Simon Fairlie’s Meat: A Benign Extravagance is the sanest book I have read on the subject of how the human race is going to feed itself in the years ahead. Its main attention is given to the pro-meat versus no-meat debate, but it really involves an intense scrutiny of what we know and don’t know about the entire food chain. Fairlie’s search to ferret out the truth in these matters is awesomely thorough—he leaves no stone unturned.
I have been tempted to try writing a book like this one, waving a flag of caution before all the fervent advocates of one diet or another. But I doubt that I could endure the displeasure, even wrath, that would be visited upon me if I pointed out, as Fairlie does, that neither vegan nor meat glutton, nor factory farmer nor, horrors, even my own favorite food-production system—pasture farming—has all the answers. Fairlie is made of sterner stuff.
Somebody had to write this book, and thank heavens it was a writer with the wit and wisdom of Simon Fairlie. The reason his book is so important is that what it addresses—food security, first and foremost—is being undermined by well-intentioned people of all persuasions who are demanding rules and regulations in food matters without enough knowledge. We all have very firm convictions about what we want to eat and don’t want to eat, but the only direct contact with the food chain that most of us experience is what we see when we sit down at the table. We have only foggy notions of how all forms of life interact in the food chain, how we are all seated at an unimaginably vast table, eating and being eaten. In fact, even scientists who make these matters their lifelong study know only a little, and the honest ones readily admit it.
But because we have zillions of reams of information about food production and endless columns of numbers to pick from in support or denial of whatever we want to believe, we think that human intelligence has analyzed the subject well enough to start dictating public policy about what we should eat and how it should be produced. This book is most valuable because it will convince the open-minded reader that when we start making grand statements about the earth’s food-carrying capacity, more than a little humility is in order. No matter how fervently we support the no-meat or the pro-meat point of view, or how much allegiance we have for any particular dietary bible, or what kind of farming we think best serves humanity’s food purposes, or what we think about carbon footprints, global warming, greenhouse gases and any of the other trendy phrases with which the news batters us, or what economic religion we think best serves the purpose of providing food for all, I challenge anyone to read this book and not realize that no one has all the right answers, because neither science nor ideology knows all the right answers yet.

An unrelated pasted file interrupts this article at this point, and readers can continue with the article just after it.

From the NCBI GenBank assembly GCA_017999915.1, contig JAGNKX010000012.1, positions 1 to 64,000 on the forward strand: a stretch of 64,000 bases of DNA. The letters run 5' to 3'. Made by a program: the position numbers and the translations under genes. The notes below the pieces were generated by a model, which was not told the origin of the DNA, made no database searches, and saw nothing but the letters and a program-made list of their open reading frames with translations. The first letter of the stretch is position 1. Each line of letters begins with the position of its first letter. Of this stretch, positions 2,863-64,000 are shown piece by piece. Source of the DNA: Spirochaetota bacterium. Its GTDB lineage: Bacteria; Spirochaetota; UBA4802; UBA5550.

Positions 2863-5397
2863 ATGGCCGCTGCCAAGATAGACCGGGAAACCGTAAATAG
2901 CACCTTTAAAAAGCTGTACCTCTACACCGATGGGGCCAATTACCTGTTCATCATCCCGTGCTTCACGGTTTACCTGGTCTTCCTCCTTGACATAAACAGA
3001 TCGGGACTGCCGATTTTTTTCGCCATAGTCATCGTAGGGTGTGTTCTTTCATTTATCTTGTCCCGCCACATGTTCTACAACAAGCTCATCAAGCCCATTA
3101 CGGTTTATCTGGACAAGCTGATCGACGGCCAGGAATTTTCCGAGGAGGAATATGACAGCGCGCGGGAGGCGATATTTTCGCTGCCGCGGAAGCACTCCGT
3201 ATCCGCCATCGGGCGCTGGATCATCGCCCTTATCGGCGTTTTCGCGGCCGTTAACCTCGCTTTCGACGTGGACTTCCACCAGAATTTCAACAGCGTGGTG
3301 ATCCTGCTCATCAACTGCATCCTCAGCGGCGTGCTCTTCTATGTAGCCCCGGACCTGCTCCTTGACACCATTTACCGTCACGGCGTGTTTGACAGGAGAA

Humility is a wonderful asset in the pursuit of knowledge, and Simon Fairlie gives the reader plenty of opportunity to acquire some. He addresses every aspect of the food and agriculture debate with unrelentingly thorough research and unswerving, sometimes almost ruthless, logic. Wherever he finds financial self-interest prevailing over objective data, wherever he spies ideology undermining science, he does not spare his rod of criticism. That is the beauty of this book; it does not take sides. It asks for more knowledge and objective thinking from everyone, and in the meantime, seeks compromise. In these days of polarization in almost everything, this book is a benign gift of clear thinking. The author also brings a sharp sense of humor to the debate, adding to the pleasure of reading the research.
The no-meat versus pro-meat camps might ponder the lessons of Prohibition days. No doubt trying to make old demon alcohol disappear was a noble idea, but we learned the hard way that it just isn’t going to happen. And so it is with eating meat. As Fairlie argues, allowing for moderation works better for overall food security than trying to make farm animals disappear, and just might make it easier for vegetarians to follow their diet preferences, too.
I am constantly amazed at how many people quoted in this book seem to believe that they have the one and only answer to food issues even though they apparently have not one farthing of experience in farming. Simon Fairlie has spent considerable time actually doing farm work, which undoubtedly has informed his research to great end. I offer this to you, reader—within, find an important, well-written, and absolutely crucial addition to the agricultural canon, which I trust will have a much-needed impact on the future of sustainable agriculture.